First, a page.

Anita Diamant was born in 1951, in Brooklyn, NY, the daughter of two Holocaust survivors who met as interned refugees in Switzerland. She had moved many times across the United States by the time she settled in Boston, Massachusetts where she received her first job writing as a journalist. During her time in Boston, she wrote for many different magazines including Equal Times, an alternative women’s weekly and the Boston Phoenix where she worked as the assistant to the editor.
It was while working for an article on Jewish Renewal for the Boston Phoenix that she met Rabbi Laurence Kushner, who would convert Diamant’s husband—then, fiancé—Jim. It was through her husband’s conversion and learning of the Jewish faith that Diamant felt a renewal of interest in her religion. She proceeded to write many non-fiction Jewish books that were linked to her own experience in the faith: Living a Jewish Life; The New Jewish Baby Book;Choosing a Jewish Life: A Handbook for People
Converting to Judaism; Saying Kaddish: How to Mourn as a Jew; How to Be a Jewish Parent: A Practical Handbook for Family Life; and the New Jewish Wedding-Revised and Updated.
Anita Diamant has gained notice, however, from her novels. In 1997, she published a New York Times bestseller in which she gave voice to one of the silent female figures in the Bible, Dinah. The Red Tent was adapted into a two-part miniseries by Lifetime, which was released in December 2014. Her other novels also have links to Judaism. Good Harbor, published in 2001, is a character reflection of her own experience as a mother and wife within the secular Jewish community. It explores the dynamics of being born into the faith as well as being a convert. Her most recent novel, The Boston Girl, depicts a fictional account of a girl growing up at the turn of the 20th century to strict Russian Jewish immigrants and the dynamics that arose because of it.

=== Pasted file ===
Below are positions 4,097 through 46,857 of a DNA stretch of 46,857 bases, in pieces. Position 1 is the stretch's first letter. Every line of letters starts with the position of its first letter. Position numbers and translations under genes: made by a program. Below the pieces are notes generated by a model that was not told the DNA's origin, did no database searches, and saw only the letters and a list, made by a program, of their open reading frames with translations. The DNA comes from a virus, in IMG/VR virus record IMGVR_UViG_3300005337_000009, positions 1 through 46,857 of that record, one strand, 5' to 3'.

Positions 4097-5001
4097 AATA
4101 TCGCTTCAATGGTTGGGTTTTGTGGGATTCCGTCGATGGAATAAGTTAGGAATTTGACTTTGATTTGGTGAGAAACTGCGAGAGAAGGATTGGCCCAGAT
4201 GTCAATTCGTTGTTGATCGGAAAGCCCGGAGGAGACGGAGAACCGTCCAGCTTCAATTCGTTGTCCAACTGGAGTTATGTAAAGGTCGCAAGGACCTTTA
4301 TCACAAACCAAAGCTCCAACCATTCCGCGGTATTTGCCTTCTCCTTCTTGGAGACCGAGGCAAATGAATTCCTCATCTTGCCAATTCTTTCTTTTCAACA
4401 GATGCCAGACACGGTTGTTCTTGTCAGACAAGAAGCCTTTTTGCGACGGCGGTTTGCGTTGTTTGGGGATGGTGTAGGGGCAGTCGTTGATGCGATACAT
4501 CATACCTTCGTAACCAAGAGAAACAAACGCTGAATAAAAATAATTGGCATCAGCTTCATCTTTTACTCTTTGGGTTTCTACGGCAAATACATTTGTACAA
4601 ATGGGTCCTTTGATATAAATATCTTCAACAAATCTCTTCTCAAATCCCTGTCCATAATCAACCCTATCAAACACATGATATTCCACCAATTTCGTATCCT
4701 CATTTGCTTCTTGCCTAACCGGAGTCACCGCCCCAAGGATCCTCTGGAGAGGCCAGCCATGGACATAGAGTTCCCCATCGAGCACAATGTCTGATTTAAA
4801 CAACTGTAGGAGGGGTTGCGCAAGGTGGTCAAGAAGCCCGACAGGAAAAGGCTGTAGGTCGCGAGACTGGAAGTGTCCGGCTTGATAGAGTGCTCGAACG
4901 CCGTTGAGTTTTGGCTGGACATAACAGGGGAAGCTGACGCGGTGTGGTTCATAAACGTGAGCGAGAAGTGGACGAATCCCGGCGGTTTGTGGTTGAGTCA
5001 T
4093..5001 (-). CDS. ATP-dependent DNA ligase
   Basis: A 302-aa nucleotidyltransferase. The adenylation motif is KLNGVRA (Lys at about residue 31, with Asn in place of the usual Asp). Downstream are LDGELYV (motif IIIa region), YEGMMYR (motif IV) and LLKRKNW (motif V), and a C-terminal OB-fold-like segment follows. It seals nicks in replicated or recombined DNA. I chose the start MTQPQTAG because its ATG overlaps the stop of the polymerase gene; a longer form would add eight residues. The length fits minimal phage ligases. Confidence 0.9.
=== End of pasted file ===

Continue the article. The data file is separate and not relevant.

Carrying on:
When Anita Diamant is not writing, she is the founding president of MayyimHayyim: Living Water Community Mikveh and Education Center, a communitybased ritual bath in Newton, Massachusetts. Mikveh has a rich history in the Jewish culture and Diamant wants to bring resurgence to the tradition. At MayyimHayyim, people are welcome to immerse to commemorate a wide variety of transitions and occasions: prior to reading Torah for the first time, before or after surgery, on the occasion of being ordained a rabbi, or becoming a grandparent, or reaching the age of 40, or 50, or 85. Regarding Mikveh, Diamant has said, “We wanted a return to the beautiful roots of the Mikveh—of water as a source of renewal purification and transformation, to open the door wide and make it welcoming.”